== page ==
For her country’s first screened entry in the Toronto International Film Festival, Ana Piterbarg’s long-gestating Everybody Has a Plan sees Viggo Mortensen’s latest return to Spanish language film, this time in a dual role as brothers who have adopted opposite lifestyles. Agustín is a successful yet dissatisfied doctor who assumes the identity of identical twin Pedro, the socially reputable but shadily associated beekeeper. Tensions intend to run high as the new Pedro haphazardly conceals the secrets of his identity while learning first-hand his sibling’s own secrets.
The endearingly modest Mortensen – who was apparently approached for the role based on the pure coincidence of he and Piterbarg’s laundry schedule – introduced the film, stating it did not seem to him the work of a first-time filmmaker. This may be an acceptable observation in the sense that arguably few – if any – rookie mistakes become apparent, and the production as a whole is moreover sound in a strictly technical sense. In realms of creativity, however, is where the experience sadly drops as dead as a cancer-afflicted beekeeper in his twin brother’s bathtub.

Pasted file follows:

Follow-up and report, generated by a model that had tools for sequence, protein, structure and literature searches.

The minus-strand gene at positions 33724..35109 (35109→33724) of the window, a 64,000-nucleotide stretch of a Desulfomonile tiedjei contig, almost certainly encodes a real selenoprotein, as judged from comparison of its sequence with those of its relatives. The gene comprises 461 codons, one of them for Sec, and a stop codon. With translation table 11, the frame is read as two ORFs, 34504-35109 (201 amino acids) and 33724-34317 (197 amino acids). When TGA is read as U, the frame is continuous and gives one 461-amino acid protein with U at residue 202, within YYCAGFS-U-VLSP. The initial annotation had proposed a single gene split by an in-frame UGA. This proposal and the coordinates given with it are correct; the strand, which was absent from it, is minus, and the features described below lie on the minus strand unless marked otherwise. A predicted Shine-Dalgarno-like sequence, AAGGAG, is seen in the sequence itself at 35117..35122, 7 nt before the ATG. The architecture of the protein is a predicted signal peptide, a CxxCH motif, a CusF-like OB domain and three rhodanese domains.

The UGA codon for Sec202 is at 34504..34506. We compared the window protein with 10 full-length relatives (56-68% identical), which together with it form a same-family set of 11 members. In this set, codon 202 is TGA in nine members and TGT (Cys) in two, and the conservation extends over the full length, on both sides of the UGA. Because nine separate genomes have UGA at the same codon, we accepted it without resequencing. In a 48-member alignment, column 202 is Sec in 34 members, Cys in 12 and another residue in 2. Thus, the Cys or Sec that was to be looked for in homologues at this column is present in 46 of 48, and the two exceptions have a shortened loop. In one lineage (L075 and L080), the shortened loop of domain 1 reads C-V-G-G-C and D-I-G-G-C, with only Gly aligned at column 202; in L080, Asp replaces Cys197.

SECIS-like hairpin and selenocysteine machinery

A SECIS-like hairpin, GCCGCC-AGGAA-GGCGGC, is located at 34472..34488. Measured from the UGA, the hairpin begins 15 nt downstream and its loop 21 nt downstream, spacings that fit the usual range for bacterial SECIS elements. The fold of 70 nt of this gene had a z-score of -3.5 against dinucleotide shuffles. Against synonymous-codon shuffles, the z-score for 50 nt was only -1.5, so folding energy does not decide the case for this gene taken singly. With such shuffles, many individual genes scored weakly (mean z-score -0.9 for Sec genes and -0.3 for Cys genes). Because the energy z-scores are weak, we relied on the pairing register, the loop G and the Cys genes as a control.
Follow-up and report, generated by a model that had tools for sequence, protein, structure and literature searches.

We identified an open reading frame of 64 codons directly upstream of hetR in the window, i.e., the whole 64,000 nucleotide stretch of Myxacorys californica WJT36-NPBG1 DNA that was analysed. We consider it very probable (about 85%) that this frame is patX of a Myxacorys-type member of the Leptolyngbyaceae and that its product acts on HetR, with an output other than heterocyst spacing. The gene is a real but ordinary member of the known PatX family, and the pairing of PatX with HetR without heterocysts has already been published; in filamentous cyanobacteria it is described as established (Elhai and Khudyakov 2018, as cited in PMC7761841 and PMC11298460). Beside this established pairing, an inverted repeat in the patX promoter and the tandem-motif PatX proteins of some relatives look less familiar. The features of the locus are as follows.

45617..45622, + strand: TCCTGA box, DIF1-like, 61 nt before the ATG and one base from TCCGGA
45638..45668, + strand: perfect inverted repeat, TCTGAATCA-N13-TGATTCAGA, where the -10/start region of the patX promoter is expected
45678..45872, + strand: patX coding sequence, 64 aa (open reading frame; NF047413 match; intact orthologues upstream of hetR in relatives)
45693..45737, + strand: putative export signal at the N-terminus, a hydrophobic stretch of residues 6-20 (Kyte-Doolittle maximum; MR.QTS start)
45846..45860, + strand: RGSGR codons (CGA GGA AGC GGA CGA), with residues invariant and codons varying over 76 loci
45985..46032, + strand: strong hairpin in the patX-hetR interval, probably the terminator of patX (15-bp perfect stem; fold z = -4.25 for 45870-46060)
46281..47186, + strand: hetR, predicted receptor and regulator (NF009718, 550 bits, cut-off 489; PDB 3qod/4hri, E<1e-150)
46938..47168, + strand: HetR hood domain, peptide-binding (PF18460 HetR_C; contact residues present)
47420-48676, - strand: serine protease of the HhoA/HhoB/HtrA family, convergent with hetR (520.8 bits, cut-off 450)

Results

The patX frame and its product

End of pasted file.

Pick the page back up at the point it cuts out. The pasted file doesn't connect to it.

From false start to underwhelming end, Everybody limps along, monotonous and utterly devoid of visual panache. The proceedings are unaided by Mortensen’s lackluster portrayals of his characters, only really distinguishable because one of them wears a hat. Motivation is all but tossed to the wind amidst the careless jumble of narrative threads, rendering lost any fleeting sympathy we may oblige to feel for the protagonist’s completely undercooked psychosis.
Default optimism indicates there may be brighter, more stylistically assured horizons ahead for Piterbarg, but this wholly unremarkable and thoroughly disengaging reversal of Mortensen’s arc in A History of Violence does not travel far in the way of inspiring such hope.
– Tom Stoup